Citrix Ingress Controller has a specific annotation for this scenario which can be added to the service definition to add the IP address which ADC should use. This is the equivalent of a cloud-provider based load balancer in your on-prem Kubernetes environment where you might not use ingress at all.

apiVersion: v1
kind: Service
metadata:
  name: hello-world
  namespace: default
  annotations:  
    service.citrix.com/frontend-ip: '192.168.0.115'
  labels:
    run: hello-world
spec:
  type: LoadBalancer
  ports:
  - port: 80
    protocol: TCP
  selector:
    run: hello-world

Save the YAML example above into cic-loadbalancer-example.yaml and apply it.

kubectl create -f cic-loadbalancer-example.yaml

If you now examine the service which is created it should be apparent that the type has now changed from NodePort or ClusterIP to LoadBalancer. The external IP address is now shown, as defined within the service.citrix.com/frontend-ip: '192.168.0.115' annotation.

Citrix ADC will now direct traffic arriving at that IP address through to any pods which match the label selector. This method allows you to quite simply plug the outside world in to your Kubernetes application infrastructure at L4 without using ingress or path matching rules.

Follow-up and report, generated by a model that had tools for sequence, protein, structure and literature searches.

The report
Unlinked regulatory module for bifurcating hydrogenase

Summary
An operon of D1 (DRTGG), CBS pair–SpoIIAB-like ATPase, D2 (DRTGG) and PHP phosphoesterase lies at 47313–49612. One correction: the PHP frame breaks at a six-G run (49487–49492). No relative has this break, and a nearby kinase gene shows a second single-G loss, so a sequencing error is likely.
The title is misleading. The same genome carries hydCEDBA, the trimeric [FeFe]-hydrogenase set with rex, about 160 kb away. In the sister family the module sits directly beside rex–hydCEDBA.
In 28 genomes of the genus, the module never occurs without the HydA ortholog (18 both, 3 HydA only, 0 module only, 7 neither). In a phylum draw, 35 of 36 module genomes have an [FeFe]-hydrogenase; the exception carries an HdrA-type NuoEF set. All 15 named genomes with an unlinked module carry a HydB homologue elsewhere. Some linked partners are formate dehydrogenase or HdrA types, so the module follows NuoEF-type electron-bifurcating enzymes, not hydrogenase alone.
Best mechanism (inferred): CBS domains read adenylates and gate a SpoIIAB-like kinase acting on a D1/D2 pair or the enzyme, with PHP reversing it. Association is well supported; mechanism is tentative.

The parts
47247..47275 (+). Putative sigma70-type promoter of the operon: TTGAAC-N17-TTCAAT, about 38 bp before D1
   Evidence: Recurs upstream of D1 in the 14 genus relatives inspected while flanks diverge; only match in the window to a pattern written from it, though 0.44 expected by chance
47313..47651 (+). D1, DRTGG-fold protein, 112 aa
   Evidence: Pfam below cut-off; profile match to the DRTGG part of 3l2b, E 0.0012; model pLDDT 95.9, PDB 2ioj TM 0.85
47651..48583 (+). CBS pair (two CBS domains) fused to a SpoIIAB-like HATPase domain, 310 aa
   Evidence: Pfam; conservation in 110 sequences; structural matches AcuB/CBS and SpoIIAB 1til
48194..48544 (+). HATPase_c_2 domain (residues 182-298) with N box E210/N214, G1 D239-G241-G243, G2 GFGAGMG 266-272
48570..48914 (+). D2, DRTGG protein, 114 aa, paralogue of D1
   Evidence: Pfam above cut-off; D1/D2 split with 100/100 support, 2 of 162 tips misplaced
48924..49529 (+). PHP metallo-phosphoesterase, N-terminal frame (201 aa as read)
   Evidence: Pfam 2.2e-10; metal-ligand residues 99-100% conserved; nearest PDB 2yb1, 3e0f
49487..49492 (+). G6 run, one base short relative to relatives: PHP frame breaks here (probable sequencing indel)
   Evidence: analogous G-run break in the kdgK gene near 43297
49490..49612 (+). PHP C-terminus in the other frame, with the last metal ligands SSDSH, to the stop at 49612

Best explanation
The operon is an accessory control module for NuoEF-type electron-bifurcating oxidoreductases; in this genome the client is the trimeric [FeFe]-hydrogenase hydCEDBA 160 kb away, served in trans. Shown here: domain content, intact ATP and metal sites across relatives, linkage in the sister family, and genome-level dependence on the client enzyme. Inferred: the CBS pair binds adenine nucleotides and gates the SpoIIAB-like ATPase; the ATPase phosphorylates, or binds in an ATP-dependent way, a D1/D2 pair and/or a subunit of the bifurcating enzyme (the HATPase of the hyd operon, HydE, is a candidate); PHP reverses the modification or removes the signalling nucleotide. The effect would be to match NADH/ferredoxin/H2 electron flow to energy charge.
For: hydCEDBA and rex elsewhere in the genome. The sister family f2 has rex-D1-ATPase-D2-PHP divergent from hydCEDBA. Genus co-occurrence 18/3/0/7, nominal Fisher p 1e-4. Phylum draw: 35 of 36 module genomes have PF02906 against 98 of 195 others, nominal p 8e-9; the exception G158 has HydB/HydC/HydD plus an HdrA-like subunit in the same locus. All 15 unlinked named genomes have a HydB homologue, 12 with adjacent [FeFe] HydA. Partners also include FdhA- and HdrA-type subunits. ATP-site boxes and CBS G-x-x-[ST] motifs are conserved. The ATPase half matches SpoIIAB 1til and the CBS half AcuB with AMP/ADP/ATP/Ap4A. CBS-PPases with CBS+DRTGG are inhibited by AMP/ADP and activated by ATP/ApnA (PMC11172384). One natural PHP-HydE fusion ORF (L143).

Summary

Citrix Ingress Controller is well worth investigating if you are beginning to implement on-prem Kubernetes based applications and already have an investment in Citrix ADC. If you need additional features such as DDoS protection, advanced rewrite, TCP optimisations etc. then CIC offers quite a lot of benefits over a simple NGINX proxy. The next article planned in this series will examine the sidecar Citrix ADC CPX deployment and how this can enhance visibility of inter-container communication.

Addendum – Rancher specific ingress issue with Citrix Ingress Controller

This section has been included here in order to highlight a specific issue which is currently occurring in CIC 1.6.1 and Rancher 2.3.4 releases. It seems to be a purely cosmetic issue however it’s been the subject of a recent call I had with some of the Citrix people responsible for CIC who confirmed the behaviour with me. Basically when an ingress is created it is successfully created by CIC but its status does not move from ‘Initializing’ to ‘Active’ in Rancher. This is because Rancher is awaiting the External-IP value to be updated in the Status, but this does not occur because CIC doesn’t mandate that this be actively reported. I’ll update/remove this section from the post if and when this is resolved.